Readings about FYW
Allison D. Carr’s essay, “Failure is Not an Option,” comes from the book Bad Ideas About Writing. In Carr’s essay, she draws on both personal experiences of failure and research about failure to suggest that it’s an important part of the writing process. Carr argues that instead of avoiding failure we need to change our orientation toward failure, which is not an easy thing to do.
Keywords from this chapter in Bad Ideas about Writing
basic writers, failure, struggle, growth mindset, productive failure, writing process
Author Bio from Bad Ideas about Writing
Allison Carr is an assistant professor of rhetoric and Director of Writing Across the Curriculum at Coe College. Beyond researching the intersection of failure and emotion for her doctoral dissertation, Allison considers herself a failure savant, leading her students by example toward riskier, frightening, and sometimes downright stupid undertakings. She tweets about food, politics, writing, and baseball through the handle @hors_doeuvre.
Failure, so goes the dominant cultural narrative, is a sign of weakness. Of laziness. Of stupidity and bad breeding and busted bootstraps. Failure will ruin your life. In action, suspense, and sports films, failure is not an option. In real life, failure only happens to bad people. Or, more to the point in this context, to bad writ- ers. Failure in writing betrays dullness of mind, smallness of imagination. The failed writer—the one who cannot learn to write well (which is to say, according to accepted conventions of good writing)—is discounted as dim, unprepared, non-serious, wacky, or weird, distracted, behind.
Or, failure is acceptable if we learn from it. If we can recuperate it, if it brings us virtue and strength and morality because what doesn’t kill us makes us stronger. And if we never, ever do it again.
No. Stop with this. This is stupid, and the opposite is actually true: Failure should be welcomed, if not actively sought out, signaling as it does both the presence of creative, risky thinking and an opportunity to explore a new direction. To writing especially, failure is integral, and I will go so far as to assert that the best writing (and the best learning-to-write) happens when one approaches the activity from a mindset trained on failure. Failure represents a certain against-the-grain jettisoning of established ideas about what counts as good writing in favor of rogue, original, attention-capturing, and intentional art. To fail willingly in writing is to be empowered by the possibilities that emerge. It is to trust oneself and one’s ideas, a quality too rare in the age of hyper-achievement, in which the only progress that counts is progress that moves up.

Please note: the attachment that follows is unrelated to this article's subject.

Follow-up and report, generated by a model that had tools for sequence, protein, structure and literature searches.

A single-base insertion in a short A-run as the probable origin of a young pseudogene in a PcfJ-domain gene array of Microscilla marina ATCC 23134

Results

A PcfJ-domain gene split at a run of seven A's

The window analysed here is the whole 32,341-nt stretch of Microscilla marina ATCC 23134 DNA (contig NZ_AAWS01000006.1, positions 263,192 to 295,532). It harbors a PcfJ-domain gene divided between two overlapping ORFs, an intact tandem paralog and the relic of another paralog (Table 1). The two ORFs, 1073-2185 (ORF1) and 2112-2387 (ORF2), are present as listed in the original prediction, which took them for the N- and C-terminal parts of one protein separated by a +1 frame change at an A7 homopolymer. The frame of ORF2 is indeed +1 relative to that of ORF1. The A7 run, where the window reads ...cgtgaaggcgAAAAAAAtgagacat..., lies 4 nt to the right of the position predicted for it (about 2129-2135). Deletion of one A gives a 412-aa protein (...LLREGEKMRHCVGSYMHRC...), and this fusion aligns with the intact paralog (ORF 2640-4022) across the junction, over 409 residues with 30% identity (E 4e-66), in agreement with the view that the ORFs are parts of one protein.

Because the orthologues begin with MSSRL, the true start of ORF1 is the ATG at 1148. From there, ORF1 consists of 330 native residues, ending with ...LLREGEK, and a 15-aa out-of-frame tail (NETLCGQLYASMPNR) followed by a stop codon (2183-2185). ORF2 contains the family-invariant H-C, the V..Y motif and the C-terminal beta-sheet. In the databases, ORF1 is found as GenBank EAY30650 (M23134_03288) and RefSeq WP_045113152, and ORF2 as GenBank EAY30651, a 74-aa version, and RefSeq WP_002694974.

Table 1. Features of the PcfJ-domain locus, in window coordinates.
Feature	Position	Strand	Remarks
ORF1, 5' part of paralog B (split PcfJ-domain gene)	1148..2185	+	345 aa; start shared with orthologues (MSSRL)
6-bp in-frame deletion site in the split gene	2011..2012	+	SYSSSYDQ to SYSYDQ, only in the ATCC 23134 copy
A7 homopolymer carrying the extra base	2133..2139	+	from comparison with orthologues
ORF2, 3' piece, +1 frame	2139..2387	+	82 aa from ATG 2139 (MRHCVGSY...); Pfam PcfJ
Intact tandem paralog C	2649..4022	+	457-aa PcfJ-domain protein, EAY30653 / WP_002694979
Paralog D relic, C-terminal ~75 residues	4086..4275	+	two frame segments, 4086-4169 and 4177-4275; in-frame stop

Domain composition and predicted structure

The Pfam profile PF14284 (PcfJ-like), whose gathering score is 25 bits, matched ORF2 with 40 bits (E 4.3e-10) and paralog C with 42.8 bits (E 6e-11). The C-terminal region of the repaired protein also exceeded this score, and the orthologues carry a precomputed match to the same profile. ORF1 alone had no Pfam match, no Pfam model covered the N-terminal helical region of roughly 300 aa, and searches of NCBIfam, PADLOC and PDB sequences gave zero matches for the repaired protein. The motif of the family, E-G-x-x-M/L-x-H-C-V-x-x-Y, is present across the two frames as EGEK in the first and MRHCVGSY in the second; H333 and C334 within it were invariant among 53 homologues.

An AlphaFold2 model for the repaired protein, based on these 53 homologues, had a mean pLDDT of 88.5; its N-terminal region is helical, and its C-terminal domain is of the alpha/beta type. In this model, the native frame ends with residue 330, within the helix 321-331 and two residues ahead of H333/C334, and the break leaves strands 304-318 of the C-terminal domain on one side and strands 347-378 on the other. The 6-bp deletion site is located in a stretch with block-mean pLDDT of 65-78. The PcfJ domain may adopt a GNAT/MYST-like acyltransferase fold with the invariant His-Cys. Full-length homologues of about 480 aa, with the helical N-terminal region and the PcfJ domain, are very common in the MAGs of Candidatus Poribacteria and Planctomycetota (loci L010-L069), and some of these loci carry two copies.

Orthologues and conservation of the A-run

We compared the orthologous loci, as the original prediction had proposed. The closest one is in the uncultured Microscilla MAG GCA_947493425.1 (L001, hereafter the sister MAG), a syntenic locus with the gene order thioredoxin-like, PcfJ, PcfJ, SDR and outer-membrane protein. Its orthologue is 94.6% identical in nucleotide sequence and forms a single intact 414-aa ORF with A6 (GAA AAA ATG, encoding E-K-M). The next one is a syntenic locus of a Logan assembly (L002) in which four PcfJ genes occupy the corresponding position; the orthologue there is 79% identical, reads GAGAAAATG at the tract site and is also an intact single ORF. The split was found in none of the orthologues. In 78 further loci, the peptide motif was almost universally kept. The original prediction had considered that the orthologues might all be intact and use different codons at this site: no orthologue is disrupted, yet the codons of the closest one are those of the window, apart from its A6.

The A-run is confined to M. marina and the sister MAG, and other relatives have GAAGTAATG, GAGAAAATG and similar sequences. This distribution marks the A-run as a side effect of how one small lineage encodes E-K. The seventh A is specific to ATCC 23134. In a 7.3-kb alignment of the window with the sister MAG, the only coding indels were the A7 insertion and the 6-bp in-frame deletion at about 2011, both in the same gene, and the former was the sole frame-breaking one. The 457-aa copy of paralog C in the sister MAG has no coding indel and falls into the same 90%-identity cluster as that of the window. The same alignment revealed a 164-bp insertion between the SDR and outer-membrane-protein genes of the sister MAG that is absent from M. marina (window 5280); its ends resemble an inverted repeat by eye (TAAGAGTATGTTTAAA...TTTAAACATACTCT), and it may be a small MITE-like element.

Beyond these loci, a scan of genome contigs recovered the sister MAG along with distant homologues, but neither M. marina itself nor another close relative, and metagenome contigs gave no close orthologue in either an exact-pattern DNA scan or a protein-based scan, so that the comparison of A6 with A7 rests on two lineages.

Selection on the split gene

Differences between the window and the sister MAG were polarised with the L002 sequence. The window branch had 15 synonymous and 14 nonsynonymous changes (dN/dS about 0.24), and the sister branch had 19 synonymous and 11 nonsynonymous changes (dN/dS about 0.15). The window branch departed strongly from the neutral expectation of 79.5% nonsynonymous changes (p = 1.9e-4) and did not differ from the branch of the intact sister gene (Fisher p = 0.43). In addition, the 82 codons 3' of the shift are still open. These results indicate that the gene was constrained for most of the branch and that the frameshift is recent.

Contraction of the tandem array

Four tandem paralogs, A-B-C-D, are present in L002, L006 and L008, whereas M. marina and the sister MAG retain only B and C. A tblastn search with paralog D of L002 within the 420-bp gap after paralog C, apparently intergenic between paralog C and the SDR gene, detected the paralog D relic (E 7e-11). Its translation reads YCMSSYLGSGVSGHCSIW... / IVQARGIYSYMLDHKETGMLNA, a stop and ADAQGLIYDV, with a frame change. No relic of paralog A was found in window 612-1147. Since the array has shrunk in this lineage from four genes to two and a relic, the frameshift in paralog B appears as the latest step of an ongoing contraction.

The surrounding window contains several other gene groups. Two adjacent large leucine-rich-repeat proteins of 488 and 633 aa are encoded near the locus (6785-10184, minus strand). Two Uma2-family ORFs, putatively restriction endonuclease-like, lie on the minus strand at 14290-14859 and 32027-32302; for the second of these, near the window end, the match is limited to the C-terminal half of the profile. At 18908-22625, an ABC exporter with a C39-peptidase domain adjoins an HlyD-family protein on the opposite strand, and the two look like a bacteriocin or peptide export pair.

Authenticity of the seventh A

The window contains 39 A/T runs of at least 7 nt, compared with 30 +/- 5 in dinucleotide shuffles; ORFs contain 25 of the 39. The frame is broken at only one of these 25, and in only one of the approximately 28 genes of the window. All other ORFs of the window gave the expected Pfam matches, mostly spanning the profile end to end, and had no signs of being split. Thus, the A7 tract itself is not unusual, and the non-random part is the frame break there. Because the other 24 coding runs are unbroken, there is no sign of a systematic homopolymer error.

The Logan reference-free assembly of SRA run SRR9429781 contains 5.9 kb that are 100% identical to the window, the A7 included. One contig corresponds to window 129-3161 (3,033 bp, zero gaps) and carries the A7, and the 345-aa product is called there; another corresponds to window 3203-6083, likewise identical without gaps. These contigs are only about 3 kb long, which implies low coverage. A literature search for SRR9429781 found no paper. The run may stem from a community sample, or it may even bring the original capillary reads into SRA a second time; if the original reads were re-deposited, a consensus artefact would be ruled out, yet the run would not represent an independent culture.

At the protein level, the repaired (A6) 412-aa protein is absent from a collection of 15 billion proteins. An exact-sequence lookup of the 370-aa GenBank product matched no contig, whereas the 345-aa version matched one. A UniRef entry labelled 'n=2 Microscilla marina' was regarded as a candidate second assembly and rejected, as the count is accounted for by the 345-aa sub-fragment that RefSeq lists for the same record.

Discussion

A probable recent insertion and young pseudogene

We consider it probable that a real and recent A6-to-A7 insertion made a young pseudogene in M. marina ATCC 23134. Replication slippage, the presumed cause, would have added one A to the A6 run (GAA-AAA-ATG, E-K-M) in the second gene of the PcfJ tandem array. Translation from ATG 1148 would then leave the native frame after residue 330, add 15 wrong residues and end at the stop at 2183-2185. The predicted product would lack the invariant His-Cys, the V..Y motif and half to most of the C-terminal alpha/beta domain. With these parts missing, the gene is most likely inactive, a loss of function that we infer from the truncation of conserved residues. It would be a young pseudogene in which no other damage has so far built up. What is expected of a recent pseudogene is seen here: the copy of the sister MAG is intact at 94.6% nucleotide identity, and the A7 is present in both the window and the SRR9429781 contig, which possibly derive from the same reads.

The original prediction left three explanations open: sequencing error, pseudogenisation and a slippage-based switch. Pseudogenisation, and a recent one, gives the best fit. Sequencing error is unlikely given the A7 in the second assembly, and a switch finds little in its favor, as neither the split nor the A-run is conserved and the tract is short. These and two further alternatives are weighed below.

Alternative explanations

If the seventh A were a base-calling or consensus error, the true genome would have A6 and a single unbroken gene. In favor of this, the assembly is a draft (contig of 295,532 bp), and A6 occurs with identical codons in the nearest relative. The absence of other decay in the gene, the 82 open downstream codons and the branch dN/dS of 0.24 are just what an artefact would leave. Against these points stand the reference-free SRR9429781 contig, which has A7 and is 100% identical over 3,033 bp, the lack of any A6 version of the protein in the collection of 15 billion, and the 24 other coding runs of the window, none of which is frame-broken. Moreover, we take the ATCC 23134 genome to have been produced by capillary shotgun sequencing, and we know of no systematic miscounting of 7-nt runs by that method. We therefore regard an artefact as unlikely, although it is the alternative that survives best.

A History of Failure
Broadly speaking, failure’s bad reputation is an inherited relic of another time. Though it would certainly be possible to trace its origins back to many religious mythologies, I will in the interest of brevity go back only so far as the mid-19th century in America, when the economy shifted from one based in agriculture to one based in industry (closing, in theory, the opportunity gap between rich and poor). From this backdrop grew the recognition that literacy, the ability to read and write (and generally comprehend information), would be the bedrock of a thriving community. Thus, literacy took on the status of social necessity for the masses, not simply a luxury for the ruling class. By the middle of the 19th century, a system of common schools had been codified, and central to its curriculum was grammar instruction and conventions of speech and writing.
According to literacy scholar John Trimbur, from whom I have been piecing together this history, reading and writing instruction functioned “as both a means to regulate popular literacy and a social marker to divide the literate from the illiterate, the worthy poor from the unworthy, ‘us’ from ‘them.’” Given the then-corresponding (perhaps correlative) rates of illiteracy among incarcerated populations, success and failure in this realm came to be perceived not simply as an indication of intelligence or economic advantage, but as a matter of moral fiber. To fail in reading or writing meant a failure of moral fortitude.
But cultural attitudes toward failure remain as sinister as ever, perhaps more so in the wake of standardized testing, No Child Left Behind, and Race to the Top. Failure continues to represent not just ill preparedness, but weakness in spirit and mind, stupidity, inadequacy, and a lifetime of toiling. And there is something about failure in writing that amplifies these judgments, suggesting that the subject somehow deserves to be judged and disadvantaged in these ways.